Choosing Match Types – What Should You Do?

Well that is a good question, and the reason is, because this is only one of the many ingredients in our special sauce. So even if you have a bit of time on your hands and want to try and have a go for yourself, then if you only take one thing away from reading this, let it be this.

There are three match types on Google; Broad, Phrase & Exact. Technically you could say there are 4 if you include Broad Match Modifiers.

A broad match modifier is a variation of broad match, which gives you slightly more control while having the benefit of spreading the net widely to pick up lots of traffic. So let’s explain the match types now.

Exact Match

Exact match simply means the keyword must match the search query of what the user searched on. If your keyword is carpet cleaner London, then in order for your keyword to be triggered to have a chance of being displayed (remember, it’s not a guarantee it will appear), the user must search CARPET CLEANER LONDON.

Phrase Match

Phrase match is similar to exact, BUT, its slightly widening the net. Using the same example above, your keyword will be triggered if it’s not broken, so if a user searches I NEED A CARPET CLEANER LONDON, then your keyword will be eligible to be displayed. So you are still keeping an element of control.

Broad Match

Using the same example above, your keyword which is made up of 3 words, can be broken and also matched to similar things. So if a user searched on SPECIALIST CARPET CLEANERS IN SOUTH LONDON, then it’s likely your keyword would be eligible to be displayed.

Legal disclaimer: This definition isn’t from Google, this is how we describe things from 15 years plus industry experience.

So let’s move on to best practice, and the secret ingredient.

Google will advise you to use all the match types (and we do too), but let’s get onto how this should be done.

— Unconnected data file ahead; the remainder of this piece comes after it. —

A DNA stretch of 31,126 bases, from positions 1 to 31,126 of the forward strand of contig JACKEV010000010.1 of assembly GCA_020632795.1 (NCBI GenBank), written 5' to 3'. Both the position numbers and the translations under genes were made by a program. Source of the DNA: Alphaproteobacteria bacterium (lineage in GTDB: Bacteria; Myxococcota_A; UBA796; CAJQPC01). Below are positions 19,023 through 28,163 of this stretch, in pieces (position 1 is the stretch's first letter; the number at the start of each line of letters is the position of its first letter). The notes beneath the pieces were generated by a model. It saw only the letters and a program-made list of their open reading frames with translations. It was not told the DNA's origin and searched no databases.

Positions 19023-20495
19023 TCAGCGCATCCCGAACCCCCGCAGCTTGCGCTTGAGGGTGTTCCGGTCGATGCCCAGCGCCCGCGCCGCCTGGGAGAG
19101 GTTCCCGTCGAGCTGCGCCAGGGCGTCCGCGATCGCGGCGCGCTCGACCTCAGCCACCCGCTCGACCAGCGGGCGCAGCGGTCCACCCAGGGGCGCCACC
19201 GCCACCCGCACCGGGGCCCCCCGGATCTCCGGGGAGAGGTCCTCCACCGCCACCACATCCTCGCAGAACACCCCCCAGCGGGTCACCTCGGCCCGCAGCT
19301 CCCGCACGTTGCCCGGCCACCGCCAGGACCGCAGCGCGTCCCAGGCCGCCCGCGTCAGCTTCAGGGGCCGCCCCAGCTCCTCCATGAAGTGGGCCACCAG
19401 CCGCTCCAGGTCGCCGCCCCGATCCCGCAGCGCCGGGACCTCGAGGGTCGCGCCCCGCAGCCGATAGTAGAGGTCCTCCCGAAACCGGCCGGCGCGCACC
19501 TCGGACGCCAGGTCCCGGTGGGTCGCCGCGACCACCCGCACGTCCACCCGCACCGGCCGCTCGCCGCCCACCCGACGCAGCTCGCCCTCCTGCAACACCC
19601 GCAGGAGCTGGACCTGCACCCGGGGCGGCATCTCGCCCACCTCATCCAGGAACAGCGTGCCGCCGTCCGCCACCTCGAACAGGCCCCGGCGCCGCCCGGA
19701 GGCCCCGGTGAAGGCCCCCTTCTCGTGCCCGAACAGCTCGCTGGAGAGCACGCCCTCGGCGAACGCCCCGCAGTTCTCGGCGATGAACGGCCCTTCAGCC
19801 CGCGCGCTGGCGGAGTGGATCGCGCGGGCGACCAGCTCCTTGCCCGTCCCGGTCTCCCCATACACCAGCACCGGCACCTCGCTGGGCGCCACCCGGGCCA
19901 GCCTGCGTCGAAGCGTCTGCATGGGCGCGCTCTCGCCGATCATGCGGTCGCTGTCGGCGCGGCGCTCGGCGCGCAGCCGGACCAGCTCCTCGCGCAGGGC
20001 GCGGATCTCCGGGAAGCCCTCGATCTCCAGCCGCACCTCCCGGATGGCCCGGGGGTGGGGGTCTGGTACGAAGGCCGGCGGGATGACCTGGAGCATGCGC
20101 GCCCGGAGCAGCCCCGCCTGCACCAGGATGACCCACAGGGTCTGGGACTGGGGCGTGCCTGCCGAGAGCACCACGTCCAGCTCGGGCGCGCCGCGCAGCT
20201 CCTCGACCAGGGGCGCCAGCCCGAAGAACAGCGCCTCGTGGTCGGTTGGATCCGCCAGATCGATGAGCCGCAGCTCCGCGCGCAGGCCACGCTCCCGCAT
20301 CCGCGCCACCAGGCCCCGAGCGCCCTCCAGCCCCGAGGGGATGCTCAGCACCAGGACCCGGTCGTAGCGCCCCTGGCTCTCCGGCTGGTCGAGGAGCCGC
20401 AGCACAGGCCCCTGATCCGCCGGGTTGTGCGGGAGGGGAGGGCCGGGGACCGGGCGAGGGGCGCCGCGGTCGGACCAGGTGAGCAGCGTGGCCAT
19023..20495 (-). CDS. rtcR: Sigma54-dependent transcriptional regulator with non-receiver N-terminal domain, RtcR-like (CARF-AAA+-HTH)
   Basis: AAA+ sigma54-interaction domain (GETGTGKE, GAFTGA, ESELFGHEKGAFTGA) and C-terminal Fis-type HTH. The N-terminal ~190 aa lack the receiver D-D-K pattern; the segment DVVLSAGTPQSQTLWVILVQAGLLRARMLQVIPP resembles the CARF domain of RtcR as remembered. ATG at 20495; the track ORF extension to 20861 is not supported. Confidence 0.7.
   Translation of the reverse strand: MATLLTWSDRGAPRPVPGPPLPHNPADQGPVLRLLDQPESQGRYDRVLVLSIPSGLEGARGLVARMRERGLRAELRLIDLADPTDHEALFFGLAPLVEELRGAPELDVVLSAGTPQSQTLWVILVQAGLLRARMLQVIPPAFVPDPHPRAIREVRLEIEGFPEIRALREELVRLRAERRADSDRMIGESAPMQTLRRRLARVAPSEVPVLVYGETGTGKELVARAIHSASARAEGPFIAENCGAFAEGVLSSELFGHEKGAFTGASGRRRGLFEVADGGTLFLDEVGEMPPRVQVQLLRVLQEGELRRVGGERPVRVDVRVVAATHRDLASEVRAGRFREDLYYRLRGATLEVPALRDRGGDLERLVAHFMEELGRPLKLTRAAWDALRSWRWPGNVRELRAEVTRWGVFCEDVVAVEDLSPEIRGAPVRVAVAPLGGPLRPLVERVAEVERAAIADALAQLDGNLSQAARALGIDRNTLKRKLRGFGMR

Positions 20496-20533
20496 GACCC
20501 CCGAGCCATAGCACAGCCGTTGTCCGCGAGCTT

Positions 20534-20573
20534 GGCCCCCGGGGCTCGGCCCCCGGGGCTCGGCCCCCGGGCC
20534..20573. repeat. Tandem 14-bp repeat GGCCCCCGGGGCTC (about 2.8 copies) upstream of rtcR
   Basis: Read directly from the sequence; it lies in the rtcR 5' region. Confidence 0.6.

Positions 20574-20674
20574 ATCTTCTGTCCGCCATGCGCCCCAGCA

So considering everything we’ve described here, when selecting match types. Each of the match types should have different levels of bids, because some are more valuable than others, which means you are willing to pay more for clicks which are more valuable. When we say more valuable we mean they are more likely to turn into a lead, and then ultimately turn into a paying customer.

So when selecting match types, exact match bids should be higher than phrase match, and phrase match bids should be higher than broad match bids. Simply because we would rather pay more for people which we know have searched on EXACTLY what you do.

So now we are getting to one of the secret sauces.

Use all the match types in your campaign, duplicate every keyword so it runs on each match type, but, how you should execute it IS the win.


Run a broad match campaign, phrase match campaign and exact match campaign. Each campaign has its own budget, so you can control how much you are spending on your quality traffic (exact) and how much you are spending on your broad traffic. The reason for this, is because you can use this broad campaign as an exercise to find new keywords (check search queries in the campaign)

Now we get onto the fun part, when creating your broad and phrase match campaign, upload the exact match keywords as exact match negatives.

Search Engines will show you the message “your keywords cannot be displayed due to negative keywords” (or something like that), but don’t worry, ignore it.

This is where we are removing any control which the search engines have. Your broad and phrase campaigns can now only display for exactly what we want them to do. These can pick up the queries which we couldn’t have thought of,


And remember the bids have been set lower here, just in case it matches to something not entirely relevant. Then once a week do a simple exercise checking what search queries have triggered your keywords, and if there’s things you don’t like, simply increase your negative keyword list.

As for the exact match campaign, we are using this to bid aggressively on matching to the users we categorically know are more valuable because we are only being matched to people that searched on exactly what we set as the keyword.

You may be asking yourself, well surely the search engines do this accordingly.

No – not always